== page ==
The Book Thief, by Markus Zusak, is the inspiring story of a young German girl who is growing up in the midst of World War II. Abandoned by her mother, underfed and constantly reprimanded by her loving but fierce foster-mother, Leisel Meminger is a girl who finds all the brightness of life in words. Words are her greatest love and her most infuriating enemy—words are the things that allow her to live but Hitler to control and rule.
Hitler, Leisel realizes, can change a country’s image of Jews by using words to warp them into something disgusting, malicious, and sub-human. He can take a country that is scared and off-balance, and use words to soothe and hypnotize. Hitler uses words as his single greatest weapon, and without them, he would be powerless.
On the other hand, Leisel uses words to explore and grow. She uses words and books as her sanctuary in the fear-filled world of Nazi Germany. She uses words to light the eyes of the frail Jewish man in her basement, reminding him of sunlight and happiness as she describes clouds that resemble ropes and a brilliant dripping sun. Leisel uses words to spark happiness and gain knowledge—without them, she would be powerless, too.
This tale of words and power is told in the point of view of an unlikely narrator—Death himself. Death is not God, nor does he even decide when one will die; his job is simply to carry away the souls of the deceased. The best souls, we learn, sit up to meet him, reluctant to die but accepting all the same. Death is in the perfect position make to such striking observations about death and war—he likens himself to the best Nazi, killing and killing and yet still being asked for more.
For the first half of the novel, I was fairly interested in the subject of the story and intrigued by the unorthodox choice of narrator, but was not bringing the book with me everywhere as I later would. It was no chore to read, but it was no great treat either. However, once half of the book was finished and I was now fully acquainted with the cast of characters and the author’s writing style, the story began to pick up. I found myself increasingly interested in the events that took place and by the end of the novel I was practically ripping at the pages, shaken and moved by the beautiful description and the heartfelt dialogue. The author introduced the story’s ending about three quarters in, but the warning did not dilute the power of the end, it made it more poignant. Somehow both times the ending was explained (the first merely an outline, the second fully fleshed out) it was shattering and breathtaking.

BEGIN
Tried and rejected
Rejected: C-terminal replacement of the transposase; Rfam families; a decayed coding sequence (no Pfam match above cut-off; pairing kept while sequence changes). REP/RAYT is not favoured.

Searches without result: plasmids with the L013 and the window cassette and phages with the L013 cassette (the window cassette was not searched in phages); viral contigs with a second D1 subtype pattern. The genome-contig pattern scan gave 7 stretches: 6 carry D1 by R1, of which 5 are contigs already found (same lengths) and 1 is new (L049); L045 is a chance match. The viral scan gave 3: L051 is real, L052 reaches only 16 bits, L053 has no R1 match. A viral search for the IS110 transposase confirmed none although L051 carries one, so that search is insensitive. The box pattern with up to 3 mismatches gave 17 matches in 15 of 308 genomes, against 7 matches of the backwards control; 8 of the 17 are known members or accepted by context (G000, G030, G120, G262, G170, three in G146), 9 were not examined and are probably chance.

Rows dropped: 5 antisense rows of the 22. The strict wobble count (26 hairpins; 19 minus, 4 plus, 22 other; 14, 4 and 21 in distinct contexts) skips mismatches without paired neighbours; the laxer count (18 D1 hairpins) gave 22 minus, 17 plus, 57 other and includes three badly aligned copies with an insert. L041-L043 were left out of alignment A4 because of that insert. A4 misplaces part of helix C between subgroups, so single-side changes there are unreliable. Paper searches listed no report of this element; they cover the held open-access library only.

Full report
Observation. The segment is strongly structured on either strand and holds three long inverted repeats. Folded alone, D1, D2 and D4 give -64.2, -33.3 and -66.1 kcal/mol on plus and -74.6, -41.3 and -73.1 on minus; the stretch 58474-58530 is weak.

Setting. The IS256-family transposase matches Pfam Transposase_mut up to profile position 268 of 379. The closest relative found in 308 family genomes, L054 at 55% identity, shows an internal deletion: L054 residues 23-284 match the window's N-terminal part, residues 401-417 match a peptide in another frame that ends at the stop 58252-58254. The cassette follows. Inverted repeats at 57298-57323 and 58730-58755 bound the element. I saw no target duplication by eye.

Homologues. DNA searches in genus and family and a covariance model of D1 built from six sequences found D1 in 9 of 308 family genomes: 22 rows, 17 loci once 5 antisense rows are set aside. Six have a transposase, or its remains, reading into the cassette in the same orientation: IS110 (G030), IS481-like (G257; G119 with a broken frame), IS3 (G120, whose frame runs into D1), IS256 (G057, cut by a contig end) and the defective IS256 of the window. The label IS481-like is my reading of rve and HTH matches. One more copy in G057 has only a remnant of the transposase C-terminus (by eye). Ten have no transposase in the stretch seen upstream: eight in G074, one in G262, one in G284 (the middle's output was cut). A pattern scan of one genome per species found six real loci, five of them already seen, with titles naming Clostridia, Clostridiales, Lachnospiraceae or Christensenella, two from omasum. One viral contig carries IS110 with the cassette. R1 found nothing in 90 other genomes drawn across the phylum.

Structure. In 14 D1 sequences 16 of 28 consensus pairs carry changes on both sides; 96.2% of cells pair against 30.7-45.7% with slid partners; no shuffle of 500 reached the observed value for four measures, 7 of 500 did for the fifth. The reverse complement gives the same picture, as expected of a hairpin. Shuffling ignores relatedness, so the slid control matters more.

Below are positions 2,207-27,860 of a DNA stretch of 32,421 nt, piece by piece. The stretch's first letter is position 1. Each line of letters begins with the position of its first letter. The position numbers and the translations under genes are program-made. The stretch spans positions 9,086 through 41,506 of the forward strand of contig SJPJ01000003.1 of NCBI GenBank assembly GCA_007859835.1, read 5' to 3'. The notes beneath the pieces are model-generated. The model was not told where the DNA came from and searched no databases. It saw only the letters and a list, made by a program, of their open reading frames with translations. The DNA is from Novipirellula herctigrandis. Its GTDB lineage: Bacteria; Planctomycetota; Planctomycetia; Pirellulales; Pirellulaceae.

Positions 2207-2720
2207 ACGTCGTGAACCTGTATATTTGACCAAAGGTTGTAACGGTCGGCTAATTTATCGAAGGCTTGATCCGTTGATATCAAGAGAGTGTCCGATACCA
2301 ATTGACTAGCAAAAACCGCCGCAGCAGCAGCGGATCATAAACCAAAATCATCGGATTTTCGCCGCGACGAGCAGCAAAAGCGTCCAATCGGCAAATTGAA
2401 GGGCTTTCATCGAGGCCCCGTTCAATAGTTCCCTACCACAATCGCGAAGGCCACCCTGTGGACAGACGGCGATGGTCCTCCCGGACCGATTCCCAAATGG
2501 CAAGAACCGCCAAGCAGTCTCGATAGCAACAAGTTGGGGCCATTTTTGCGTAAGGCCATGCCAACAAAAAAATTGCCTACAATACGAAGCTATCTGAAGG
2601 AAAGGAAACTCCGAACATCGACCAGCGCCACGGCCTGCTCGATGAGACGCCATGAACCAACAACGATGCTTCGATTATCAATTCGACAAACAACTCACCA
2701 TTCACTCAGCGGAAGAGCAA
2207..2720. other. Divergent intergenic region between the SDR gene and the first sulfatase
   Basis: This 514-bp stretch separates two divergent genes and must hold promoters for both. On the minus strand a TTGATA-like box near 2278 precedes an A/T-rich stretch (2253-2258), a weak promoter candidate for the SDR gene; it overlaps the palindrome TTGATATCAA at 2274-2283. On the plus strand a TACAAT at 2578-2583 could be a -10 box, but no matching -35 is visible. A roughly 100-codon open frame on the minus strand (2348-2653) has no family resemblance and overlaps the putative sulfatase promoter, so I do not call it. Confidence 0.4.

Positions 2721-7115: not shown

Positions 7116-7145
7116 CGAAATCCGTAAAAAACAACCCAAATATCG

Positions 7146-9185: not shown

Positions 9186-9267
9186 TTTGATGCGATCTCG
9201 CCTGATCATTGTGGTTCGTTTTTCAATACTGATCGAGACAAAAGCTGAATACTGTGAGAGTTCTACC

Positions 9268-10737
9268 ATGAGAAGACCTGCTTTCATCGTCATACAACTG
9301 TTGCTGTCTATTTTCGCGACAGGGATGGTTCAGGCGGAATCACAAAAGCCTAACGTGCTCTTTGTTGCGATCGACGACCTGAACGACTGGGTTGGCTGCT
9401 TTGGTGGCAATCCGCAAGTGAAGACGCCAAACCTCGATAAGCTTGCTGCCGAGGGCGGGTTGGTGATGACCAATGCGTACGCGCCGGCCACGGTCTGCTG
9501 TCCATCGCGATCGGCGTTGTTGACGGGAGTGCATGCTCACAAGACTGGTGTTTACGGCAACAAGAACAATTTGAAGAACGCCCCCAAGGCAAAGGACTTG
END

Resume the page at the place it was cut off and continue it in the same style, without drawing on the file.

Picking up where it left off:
The Book Thief takes a while to get started, but once you’re hooked, you simply can’t stop reading. It’s a powerful story of loss and happiness, love and heartbreak, reading and rule and life. Four and a half evil daggers.
Set in Germany in the early 1940’s, The Book Thief is the heartwarming and heartbreaking story of a foster child, fourteen books, many colors, an accordion, death, a Jewish fist fighter, a basement, two wars, a kiss, and a boy with hair the color of lemons.
Liesel Meminger has witnessed more than her share of horrors. Her father disappeared when she was little, and an aura of mystery still surrounds his name. Her brother died on a train on the way to their foster home in Molching, Germany. And there are more horrors to come, though Liesel has no way of knowing. Through it all, Liesel turns to books as a refuge from the death, abandonment, and fear that fills her life, and the lives of all those around her.
Liesel’s long and illustrious career in book thievery begins with The Grave Digger’s Handbook, stolen from the snow at her brother’s burial. Next comes The Shoulder Shrug, stolen from fire. Liesel continues to steal books wherever she can find them. But her personal peace cannot last, and soon the danger of the war looms closer, lurking even within her own home, drawing her always closer to the inevitable. Liesel’s life becomes one of secrets and lies, and truth comes from the most surprising places.
This book is simply amazing. The author has a way of making the smallest details- the color of someone’s eyes, or the texture of their hair- the most important, and mystery is interwoven with every event, no matter how tiny. The unusual format, cavalier use of foreshadowing, and, shall we say, unconventional narration make the book a bit confusing in places, but really drive the point home. On the whole, this is a fabulous, yet absolutely heartbreaking book, and an unusual perspective on World War II. I give it the full five daggers, reluctant that there are no more to give.